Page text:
Good Web design is a result of good processes. While it might be easy to assign every great website we make to sheer creative genius, the behind-the-scenes scenario might be quite different.

Just ask the team at COdesign. After four years of providing web design and development services to clients both local and global, I can vouch for the strict adherence to process and best practices. As talented as the design team might be, it's the creative process that builds a team and ensures project success time after time.

While it might be challenging if  not impossible to outline the team's entire process in one blog, I can very well share some of the techniques we use to create our web masterpieces. Find out some of COdesign's best kept design secrets below.

What is UI design?

A User Interface or UI goes back all the way to the first computer. Back then if you wanted to run something by a computer you’d have to connect a bunch of wires to a designated port. Much like how tele operators would do to connect you to your call. As it evolved, we had DOS where lines of text would guide you to write small commands. Finally, with the introduction of Macintosh graphical user interface was created.

The modern definition of UI consists of the ways how we interact with software, website, mobile apps and any other digital devices. I would like to say that UI consists of graphical elements that help you interact with these devices but I’d be wrong. Modern UI is more than that. Today, devices use voice, touch and gestures as part of our User interface and experience.

The Eniac signifies how far we’ve come not only in regards to processing power but also how we design user interfaces.

7 tips to improve your UI Design

1. Establish Hierarchy by using colours and font weights

Hierarchy is one of the fundamentals of Design. It functions as a roadmap for users to understand how elements are connected, which element within the interface holds more importance and how users should navigate from one part of the interface to another.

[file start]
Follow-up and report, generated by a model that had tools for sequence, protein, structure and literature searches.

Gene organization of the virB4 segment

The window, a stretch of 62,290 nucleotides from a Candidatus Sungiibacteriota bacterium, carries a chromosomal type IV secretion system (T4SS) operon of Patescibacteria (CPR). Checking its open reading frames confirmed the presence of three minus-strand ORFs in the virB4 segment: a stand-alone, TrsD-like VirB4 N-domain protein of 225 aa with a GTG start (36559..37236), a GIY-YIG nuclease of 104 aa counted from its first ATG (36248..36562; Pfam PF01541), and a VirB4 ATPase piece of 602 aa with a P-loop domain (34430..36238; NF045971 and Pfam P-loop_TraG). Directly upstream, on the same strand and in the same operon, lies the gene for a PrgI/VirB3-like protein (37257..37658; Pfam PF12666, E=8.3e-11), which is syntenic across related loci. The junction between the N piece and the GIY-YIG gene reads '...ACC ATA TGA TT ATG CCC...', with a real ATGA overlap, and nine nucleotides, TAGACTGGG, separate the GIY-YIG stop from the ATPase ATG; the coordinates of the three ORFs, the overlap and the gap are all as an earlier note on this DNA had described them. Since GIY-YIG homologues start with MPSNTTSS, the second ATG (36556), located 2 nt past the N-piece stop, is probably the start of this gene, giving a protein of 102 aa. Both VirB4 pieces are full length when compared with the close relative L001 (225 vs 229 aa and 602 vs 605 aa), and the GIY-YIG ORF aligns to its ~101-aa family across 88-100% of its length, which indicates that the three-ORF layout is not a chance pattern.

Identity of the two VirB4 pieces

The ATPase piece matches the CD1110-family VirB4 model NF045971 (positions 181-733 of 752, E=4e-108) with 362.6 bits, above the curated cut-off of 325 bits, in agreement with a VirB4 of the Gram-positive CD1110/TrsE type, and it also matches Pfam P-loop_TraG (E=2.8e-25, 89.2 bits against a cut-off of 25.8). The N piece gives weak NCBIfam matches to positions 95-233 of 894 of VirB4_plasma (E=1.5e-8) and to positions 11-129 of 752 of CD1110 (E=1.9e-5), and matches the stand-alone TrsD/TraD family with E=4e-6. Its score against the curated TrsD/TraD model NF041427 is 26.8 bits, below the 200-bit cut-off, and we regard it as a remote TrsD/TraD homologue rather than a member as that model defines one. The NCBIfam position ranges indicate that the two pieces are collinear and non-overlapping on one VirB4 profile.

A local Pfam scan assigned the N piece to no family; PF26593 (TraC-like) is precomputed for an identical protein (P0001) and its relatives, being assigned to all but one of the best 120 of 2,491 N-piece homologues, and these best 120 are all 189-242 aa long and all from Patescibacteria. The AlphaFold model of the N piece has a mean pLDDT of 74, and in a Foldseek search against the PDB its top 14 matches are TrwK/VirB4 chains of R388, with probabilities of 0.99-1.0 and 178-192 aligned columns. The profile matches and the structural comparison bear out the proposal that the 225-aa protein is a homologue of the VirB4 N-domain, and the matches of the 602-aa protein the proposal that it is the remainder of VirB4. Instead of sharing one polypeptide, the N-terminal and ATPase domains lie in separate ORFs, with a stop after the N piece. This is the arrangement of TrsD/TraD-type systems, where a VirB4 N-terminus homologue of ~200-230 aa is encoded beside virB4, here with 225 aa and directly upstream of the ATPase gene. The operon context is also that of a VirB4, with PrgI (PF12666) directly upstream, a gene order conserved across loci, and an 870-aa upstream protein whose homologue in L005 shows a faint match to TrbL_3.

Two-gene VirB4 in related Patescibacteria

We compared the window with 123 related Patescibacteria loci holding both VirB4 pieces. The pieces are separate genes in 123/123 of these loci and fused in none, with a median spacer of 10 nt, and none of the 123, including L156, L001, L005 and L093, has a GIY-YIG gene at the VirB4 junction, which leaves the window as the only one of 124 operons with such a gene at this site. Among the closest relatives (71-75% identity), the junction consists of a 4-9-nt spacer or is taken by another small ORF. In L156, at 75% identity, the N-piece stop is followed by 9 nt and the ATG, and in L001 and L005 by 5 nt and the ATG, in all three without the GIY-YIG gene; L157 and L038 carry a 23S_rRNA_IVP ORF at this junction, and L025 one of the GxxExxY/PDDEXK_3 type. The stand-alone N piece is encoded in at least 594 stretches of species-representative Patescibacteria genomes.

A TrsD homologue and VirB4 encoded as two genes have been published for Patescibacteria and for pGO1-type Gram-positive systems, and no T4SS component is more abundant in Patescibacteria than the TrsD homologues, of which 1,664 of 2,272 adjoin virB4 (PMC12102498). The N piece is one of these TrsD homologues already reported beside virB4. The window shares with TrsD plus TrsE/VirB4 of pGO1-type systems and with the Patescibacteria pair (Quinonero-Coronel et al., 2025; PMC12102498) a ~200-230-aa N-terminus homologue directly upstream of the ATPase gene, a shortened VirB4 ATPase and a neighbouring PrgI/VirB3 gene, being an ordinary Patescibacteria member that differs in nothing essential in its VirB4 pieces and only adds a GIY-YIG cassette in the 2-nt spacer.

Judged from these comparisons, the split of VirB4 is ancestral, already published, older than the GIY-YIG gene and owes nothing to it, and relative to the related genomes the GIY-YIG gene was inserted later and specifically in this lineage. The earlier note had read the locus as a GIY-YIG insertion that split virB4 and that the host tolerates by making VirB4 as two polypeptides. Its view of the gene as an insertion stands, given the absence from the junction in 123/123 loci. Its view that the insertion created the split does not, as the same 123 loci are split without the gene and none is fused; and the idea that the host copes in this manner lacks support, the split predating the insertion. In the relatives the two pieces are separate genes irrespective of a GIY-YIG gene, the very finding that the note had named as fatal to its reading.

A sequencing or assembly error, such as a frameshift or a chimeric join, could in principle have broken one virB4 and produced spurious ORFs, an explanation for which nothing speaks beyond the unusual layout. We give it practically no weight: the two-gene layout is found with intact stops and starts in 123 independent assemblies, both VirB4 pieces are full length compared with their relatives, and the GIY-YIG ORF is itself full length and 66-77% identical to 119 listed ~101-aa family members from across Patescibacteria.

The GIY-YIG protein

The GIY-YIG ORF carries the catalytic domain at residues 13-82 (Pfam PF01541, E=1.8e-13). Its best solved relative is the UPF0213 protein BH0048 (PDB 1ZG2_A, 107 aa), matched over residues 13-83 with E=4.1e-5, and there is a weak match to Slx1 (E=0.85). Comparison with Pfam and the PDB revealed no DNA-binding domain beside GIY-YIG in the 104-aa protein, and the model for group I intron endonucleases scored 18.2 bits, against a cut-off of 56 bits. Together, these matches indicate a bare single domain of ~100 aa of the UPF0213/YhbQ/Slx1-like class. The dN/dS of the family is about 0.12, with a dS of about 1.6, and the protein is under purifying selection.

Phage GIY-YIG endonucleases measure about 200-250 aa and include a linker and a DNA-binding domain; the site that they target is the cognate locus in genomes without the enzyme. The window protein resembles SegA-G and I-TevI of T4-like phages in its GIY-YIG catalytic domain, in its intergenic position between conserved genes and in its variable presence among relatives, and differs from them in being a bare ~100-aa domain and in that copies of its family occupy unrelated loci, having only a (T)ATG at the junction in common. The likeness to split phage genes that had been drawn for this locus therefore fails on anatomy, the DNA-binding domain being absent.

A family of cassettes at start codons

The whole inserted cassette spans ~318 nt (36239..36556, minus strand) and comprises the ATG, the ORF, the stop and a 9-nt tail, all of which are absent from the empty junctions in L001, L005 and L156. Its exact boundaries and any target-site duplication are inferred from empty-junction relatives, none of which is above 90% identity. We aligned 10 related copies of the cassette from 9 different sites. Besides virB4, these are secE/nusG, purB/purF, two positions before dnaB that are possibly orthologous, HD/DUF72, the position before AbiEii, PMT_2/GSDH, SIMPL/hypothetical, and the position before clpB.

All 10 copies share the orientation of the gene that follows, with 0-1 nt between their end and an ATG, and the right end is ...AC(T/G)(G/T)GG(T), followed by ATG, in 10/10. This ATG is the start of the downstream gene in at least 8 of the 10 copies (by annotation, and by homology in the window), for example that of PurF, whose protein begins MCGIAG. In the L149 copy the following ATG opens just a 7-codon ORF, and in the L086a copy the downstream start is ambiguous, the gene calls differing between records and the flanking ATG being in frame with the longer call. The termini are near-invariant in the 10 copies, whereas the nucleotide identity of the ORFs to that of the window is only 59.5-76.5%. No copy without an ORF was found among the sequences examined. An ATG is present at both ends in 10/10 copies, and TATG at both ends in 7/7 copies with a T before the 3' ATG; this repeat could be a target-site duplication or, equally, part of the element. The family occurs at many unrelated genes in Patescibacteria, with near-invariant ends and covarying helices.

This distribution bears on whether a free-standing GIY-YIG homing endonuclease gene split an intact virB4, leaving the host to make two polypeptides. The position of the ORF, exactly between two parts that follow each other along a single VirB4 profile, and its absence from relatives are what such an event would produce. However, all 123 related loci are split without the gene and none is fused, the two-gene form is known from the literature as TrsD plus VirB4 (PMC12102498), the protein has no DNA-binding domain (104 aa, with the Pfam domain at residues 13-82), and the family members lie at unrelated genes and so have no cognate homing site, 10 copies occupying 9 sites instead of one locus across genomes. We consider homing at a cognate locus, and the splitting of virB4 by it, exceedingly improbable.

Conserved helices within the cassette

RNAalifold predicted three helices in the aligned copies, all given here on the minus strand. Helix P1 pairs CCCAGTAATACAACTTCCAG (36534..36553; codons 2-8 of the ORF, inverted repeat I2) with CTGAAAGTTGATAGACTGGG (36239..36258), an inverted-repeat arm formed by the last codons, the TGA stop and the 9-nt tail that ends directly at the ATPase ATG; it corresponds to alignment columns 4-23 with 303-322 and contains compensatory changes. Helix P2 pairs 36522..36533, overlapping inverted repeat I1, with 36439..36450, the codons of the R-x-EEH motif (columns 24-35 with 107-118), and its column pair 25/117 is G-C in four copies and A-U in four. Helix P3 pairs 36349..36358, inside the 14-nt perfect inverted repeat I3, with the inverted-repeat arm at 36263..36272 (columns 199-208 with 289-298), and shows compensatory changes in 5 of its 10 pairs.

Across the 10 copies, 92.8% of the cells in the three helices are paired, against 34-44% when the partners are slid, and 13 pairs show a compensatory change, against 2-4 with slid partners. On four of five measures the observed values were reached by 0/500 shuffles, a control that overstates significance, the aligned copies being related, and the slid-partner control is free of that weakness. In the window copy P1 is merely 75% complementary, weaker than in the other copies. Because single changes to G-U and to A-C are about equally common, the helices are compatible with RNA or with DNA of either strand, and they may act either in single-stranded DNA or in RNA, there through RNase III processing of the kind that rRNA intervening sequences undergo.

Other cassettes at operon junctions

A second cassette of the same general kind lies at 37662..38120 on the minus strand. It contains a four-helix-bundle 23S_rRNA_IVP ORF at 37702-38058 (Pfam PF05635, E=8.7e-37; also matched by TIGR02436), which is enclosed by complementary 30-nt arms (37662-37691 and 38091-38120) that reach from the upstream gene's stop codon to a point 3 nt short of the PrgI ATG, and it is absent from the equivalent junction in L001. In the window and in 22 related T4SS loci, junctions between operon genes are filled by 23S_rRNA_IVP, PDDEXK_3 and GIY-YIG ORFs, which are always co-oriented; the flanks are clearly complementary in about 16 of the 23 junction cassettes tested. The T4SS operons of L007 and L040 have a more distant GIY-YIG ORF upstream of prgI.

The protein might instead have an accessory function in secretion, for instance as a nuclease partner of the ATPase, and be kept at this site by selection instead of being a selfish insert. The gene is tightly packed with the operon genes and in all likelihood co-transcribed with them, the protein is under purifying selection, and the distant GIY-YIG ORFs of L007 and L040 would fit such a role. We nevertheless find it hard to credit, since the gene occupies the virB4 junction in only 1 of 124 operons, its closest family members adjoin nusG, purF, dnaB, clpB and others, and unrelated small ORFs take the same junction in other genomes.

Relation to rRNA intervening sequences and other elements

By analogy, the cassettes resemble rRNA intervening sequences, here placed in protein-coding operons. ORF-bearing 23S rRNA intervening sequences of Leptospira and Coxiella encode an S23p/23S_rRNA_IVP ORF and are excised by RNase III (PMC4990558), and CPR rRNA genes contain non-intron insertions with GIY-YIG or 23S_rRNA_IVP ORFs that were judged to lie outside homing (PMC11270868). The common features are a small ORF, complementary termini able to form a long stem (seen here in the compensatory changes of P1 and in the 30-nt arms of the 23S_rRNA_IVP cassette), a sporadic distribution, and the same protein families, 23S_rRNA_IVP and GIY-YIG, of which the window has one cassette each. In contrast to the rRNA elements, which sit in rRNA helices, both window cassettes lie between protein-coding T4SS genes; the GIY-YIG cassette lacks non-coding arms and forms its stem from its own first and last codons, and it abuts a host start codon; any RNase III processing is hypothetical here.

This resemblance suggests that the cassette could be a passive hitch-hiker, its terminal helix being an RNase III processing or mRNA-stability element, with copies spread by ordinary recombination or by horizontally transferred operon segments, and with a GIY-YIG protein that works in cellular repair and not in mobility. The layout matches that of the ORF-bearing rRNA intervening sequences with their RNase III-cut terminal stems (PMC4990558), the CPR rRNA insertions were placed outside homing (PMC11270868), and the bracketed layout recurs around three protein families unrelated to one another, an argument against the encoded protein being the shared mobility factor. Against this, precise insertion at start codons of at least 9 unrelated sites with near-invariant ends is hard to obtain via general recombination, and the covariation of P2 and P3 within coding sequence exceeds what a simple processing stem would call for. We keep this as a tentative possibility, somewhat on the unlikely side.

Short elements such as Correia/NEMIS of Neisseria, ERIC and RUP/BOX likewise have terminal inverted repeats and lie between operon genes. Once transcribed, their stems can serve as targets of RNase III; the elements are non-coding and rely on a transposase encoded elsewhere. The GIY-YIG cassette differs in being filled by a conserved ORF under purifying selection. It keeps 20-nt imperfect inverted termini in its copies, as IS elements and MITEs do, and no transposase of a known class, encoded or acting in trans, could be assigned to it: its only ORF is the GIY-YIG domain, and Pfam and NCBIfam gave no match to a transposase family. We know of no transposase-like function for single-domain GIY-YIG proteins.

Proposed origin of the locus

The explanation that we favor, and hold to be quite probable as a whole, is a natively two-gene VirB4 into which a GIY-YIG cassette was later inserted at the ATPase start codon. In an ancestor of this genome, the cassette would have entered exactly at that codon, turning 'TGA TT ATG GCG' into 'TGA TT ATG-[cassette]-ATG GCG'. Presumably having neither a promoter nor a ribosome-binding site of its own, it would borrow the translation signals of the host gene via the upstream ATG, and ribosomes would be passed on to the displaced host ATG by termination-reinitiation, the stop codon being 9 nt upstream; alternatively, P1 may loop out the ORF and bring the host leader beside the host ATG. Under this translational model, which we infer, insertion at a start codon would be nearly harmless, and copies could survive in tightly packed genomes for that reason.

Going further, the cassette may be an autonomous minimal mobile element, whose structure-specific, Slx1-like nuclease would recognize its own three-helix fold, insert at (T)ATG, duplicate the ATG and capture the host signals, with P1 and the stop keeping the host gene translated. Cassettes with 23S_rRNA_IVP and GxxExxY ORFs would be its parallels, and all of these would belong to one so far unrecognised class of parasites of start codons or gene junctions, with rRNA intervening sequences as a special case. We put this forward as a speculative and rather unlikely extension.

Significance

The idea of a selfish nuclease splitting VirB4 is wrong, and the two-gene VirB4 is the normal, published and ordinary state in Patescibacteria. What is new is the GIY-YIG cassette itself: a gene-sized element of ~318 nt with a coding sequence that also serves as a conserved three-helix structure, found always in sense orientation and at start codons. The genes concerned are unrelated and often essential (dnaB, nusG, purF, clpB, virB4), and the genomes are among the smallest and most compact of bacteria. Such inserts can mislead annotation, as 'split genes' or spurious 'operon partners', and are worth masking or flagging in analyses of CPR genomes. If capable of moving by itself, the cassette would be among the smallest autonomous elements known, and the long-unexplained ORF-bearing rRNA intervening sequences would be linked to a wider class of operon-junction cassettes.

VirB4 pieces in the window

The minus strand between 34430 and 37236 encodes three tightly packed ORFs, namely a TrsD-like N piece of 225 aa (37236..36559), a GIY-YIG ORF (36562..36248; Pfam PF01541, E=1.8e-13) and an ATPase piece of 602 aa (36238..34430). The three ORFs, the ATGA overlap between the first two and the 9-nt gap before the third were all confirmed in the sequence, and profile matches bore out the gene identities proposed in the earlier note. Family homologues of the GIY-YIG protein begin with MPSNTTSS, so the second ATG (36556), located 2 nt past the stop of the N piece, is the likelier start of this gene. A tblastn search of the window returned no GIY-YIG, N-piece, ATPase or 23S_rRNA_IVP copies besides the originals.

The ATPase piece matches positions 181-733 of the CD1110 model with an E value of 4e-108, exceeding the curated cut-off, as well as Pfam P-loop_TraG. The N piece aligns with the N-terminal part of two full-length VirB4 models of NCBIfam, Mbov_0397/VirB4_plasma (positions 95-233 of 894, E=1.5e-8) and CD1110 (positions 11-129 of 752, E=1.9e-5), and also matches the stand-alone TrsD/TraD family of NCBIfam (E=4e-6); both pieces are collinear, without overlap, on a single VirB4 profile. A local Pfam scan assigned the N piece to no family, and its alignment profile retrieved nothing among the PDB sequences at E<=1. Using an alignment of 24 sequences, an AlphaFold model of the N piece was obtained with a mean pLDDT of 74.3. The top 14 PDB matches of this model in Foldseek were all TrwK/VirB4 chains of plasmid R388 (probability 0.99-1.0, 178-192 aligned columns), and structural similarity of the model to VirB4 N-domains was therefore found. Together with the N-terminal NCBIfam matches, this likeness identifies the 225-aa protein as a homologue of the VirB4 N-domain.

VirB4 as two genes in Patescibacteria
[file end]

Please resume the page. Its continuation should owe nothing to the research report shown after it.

There are several ways to establish hierarchy. Size, weight, colour and positioning are the fundamental tools that are used but some methods are used more often than others.

Most UI designers would resort to using Size as the primary means to emphasise that one element is more important than the other. But, if a designer only relies on one method, it can have some fatal drawbacks.

For instance, if you use font sizes as your choice of hierarchy, you might find that some texts take too much space on the website while others might be too small to read.

A better way to establish hierarchy is to use a combination of colors and Font weights. Using combinations allow you to keep your design more mobile-responsive and create better looking designs.

2. Avoid Grey texts on a colored background

Grey texts are often used to emphasise texts on your screen. There are times when this works great, like on a white background. However, using grey text on a coloured background makes it harder for users to read.

UI designers can achieve the same impact  by using a lighter shade of the background colour.

3. Offset your shadows

Shadows can be tricky. A shadow that works well for a light background might not work for a dark one. Sometimes, we compensate for this fact by increasing the blur radius to make the shadow more prominent. This can result in your UI looking unnatural at times.

Instead of spreading your blur values, try using a vertical offset. This will add a natural touch by stimulating a light source from above much like we are used to seeing in the real world.